It’s disappointing that dementia has failed to be specifically named on the list of official responsibilities for our new parliamentary under-secretary at the Department of Health. While we expect Jackie Doyle-Price to lead on dementia, it is unclear what area of her responsibilities this will fall under. Without this clarity, we run the risk of dementia slipping off the national agenda – which would be a devastating blow following the progress made in recent years. But this does present an opportunity for MPs across the department to work together to tackle our greatest medical challenge – a task too big for one person. If we are to defeat dementia and bring about a life-changing treatment for the people impacted by it, we need a united approach and the new minister’s priorities should include:
• Enhancing investment: The government must increase funding for dementia research, with strategic investment in people, projects and supporting infrastructure to grow the research base.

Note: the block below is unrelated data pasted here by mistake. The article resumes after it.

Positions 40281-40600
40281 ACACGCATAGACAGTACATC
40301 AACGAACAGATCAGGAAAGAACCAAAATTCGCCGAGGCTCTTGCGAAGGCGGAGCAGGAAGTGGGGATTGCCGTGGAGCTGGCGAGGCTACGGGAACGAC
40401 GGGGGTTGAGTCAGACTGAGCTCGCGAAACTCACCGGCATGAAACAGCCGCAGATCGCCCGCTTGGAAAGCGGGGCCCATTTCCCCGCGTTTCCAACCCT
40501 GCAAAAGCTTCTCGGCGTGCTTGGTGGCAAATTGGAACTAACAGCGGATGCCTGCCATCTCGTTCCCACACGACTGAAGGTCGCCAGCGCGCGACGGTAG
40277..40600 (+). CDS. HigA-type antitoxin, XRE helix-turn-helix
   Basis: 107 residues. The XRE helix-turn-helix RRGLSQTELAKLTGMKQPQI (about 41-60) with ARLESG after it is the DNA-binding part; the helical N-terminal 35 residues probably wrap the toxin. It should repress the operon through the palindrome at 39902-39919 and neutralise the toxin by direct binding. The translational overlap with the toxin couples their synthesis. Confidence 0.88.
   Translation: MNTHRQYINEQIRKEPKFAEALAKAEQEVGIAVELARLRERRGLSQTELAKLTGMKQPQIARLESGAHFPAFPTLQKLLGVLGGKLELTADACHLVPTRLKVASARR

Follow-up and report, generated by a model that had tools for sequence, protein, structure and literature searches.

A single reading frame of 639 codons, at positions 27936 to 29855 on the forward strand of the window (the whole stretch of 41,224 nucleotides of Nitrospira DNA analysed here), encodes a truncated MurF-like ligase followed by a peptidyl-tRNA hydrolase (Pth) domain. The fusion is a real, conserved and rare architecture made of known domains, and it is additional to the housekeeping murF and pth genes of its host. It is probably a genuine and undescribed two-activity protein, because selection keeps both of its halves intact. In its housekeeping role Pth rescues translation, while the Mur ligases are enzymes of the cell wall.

• Enabling collaboration: As Brexit negotiations begin, we must ensure the UK continues to participate in EU research programmes and venture capital schemes, while enabling collaboration with colleagues globally.
• Increasing sector support: We call on the government to support dementia research and the broader medical research landscape through its industrial strategy and future policy decisions, so that the UK remains an attractive place to conduct this vital research.
• Join Dementia Research: Encourage people to get involved with dementia research, to help scientists learn more about dementia and the diseases that cause it (www.joindementiaresearch. nihr.ac.uk).
We’re eager to see how the minister continues the fight against dementia following the progress we’ve already made. 

Dr Matthew Norton is director of policy at Alzheimer’s Research UK